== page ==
MONTREAL, Sept. 25, 2012 /CNW Telbec/ - What has all the appearances of
a technological war is being transformed into a legal battle in the
case of Google in Europe and in the United States. The popular search engine must
defend itself against charges that it has abused its dominant market
position to the detriment of users, who spend 3.4% of their Internet
time using search engines. According to Marie-Josée Loiselle, associate
researcher at the Montreal Economic Institute (MEI), the case of Google and the upcoming nomination of a new Commissioner at the Competition
Bureau of Canada offer an opportunity to take stock of certain flaws in
In an Economic Note published today with the MEI, Ms. Loiselle explains that competition is
not reducible to a list of companies or their market shares. It is
rather the number of potential competitors that counts. In the highly coveted high tech sector, there
is no shortage of pretenders to the throne.
"The application of competition laws to the high tech sector is
particularly delicate, especially because of the speed at which the
sector evolves. A company can have a quasi-monopoly one moment, and a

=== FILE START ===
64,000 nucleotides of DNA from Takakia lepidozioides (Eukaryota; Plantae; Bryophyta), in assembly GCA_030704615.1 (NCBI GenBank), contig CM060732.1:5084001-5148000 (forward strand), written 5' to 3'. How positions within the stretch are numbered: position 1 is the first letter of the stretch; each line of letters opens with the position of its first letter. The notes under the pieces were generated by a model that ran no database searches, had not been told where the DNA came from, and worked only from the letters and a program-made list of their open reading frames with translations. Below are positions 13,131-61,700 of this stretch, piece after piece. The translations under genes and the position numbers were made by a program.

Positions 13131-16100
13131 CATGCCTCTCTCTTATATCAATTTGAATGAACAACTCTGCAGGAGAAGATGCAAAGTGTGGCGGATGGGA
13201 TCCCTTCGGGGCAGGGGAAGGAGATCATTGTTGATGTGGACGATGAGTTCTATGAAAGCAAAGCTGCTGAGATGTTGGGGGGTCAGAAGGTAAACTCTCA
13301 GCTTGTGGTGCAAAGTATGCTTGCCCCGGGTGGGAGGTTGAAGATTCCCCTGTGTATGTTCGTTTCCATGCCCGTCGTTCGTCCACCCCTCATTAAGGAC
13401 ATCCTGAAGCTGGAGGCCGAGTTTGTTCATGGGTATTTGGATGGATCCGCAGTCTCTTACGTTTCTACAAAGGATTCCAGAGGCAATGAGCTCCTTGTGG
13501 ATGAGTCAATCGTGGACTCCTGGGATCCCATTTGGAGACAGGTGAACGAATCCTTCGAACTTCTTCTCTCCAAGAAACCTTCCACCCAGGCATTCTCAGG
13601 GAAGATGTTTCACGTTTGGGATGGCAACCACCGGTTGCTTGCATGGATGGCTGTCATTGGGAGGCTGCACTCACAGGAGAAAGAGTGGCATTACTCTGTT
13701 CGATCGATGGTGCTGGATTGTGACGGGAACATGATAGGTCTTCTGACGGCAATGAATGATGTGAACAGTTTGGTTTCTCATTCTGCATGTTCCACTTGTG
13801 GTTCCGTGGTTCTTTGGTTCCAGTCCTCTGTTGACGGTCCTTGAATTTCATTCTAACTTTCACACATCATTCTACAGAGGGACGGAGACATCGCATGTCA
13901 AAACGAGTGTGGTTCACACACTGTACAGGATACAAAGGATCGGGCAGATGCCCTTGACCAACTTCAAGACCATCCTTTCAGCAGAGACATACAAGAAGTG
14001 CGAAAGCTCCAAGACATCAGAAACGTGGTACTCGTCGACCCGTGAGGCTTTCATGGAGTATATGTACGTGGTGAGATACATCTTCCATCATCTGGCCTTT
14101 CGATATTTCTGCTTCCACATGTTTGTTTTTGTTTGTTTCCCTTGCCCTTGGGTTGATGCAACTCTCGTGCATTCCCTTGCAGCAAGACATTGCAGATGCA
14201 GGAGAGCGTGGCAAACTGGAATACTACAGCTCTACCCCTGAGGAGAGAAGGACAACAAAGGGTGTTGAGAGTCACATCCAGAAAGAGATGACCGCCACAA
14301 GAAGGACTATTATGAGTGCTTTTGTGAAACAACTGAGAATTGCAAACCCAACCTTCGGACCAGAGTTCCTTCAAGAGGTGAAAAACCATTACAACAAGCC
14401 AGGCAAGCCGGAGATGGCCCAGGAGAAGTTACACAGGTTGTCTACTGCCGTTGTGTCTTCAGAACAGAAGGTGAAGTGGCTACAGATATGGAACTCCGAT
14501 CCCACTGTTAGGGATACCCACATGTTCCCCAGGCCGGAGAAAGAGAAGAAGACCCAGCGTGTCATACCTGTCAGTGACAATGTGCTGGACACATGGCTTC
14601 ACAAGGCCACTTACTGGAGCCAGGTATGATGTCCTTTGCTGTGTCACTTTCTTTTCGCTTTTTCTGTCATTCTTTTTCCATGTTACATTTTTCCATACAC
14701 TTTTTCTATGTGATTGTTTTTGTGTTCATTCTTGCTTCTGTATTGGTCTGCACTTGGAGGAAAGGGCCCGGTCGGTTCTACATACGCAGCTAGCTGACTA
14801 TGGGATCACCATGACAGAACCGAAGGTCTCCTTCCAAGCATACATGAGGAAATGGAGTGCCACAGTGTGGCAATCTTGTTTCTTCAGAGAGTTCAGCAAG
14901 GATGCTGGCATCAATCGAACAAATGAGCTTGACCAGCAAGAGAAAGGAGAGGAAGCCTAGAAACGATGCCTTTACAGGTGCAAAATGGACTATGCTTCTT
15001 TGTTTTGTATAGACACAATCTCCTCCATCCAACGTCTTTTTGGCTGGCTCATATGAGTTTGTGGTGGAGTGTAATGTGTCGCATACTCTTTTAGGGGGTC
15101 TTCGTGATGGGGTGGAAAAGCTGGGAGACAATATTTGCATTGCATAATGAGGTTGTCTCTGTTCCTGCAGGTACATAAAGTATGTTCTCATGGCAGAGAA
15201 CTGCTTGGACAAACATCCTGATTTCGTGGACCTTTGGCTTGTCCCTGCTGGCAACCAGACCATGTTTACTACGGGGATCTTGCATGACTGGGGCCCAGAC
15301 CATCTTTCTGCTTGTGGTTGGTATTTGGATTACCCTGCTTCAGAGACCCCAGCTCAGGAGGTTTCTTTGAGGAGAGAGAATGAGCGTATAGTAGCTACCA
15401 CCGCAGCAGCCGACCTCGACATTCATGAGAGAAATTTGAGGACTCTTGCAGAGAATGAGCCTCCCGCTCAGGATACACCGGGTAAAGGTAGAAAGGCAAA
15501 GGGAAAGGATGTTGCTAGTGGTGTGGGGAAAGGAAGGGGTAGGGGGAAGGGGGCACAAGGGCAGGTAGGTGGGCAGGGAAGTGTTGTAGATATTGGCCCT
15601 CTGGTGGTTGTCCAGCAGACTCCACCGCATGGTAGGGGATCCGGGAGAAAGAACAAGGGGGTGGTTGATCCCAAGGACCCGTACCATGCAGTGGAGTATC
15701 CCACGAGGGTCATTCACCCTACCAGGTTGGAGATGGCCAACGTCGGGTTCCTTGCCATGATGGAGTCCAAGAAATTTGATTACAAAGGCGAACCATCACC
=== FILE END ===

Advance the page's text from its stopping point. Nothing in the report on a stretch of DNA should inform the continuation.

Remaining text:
few short years later be displaced by a new technology. That's what
happened to IBM with personal computers, and to Sony and its Walkman, and more recently to the MySpace networking site. I don't think we
should penalize a company because it revolutionizes the market and gets
consumers to flock to its new product," says the author.
Furthermore, cases of "regulatory capture" can occur when less efficient
industry players try to fight a dominant company using the legal system
instead of doing so by reducing their prices or offering better
products. This has the consequence of distracting the company from its
innovative activities since it must pay out large sums of money to
defend itself before the courts. At the end of the day, the real losers
from such a slowdown in innovation are consumers.
The Economic Note entitled Flawed Competition Laws: The Case of Google was prepared by Marie-Josée Loiselle, associate researcher at the MEI.
It can be consulted free of charge at iedm.org.
The Montreal Economic Institute is an independent, non-partisan,
not-for-profit research and educational organization. Through its
publications and conferences, the MEI stimulates debate on public
policies in Quebec and across Canada by proposing wealth-creating
reforms based on market mechanisms.
SOURCE: MONTREAL ECONOMIC INSTITUTE
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Ariane Gauthier, communications coordinator, Montreal Economic Institute
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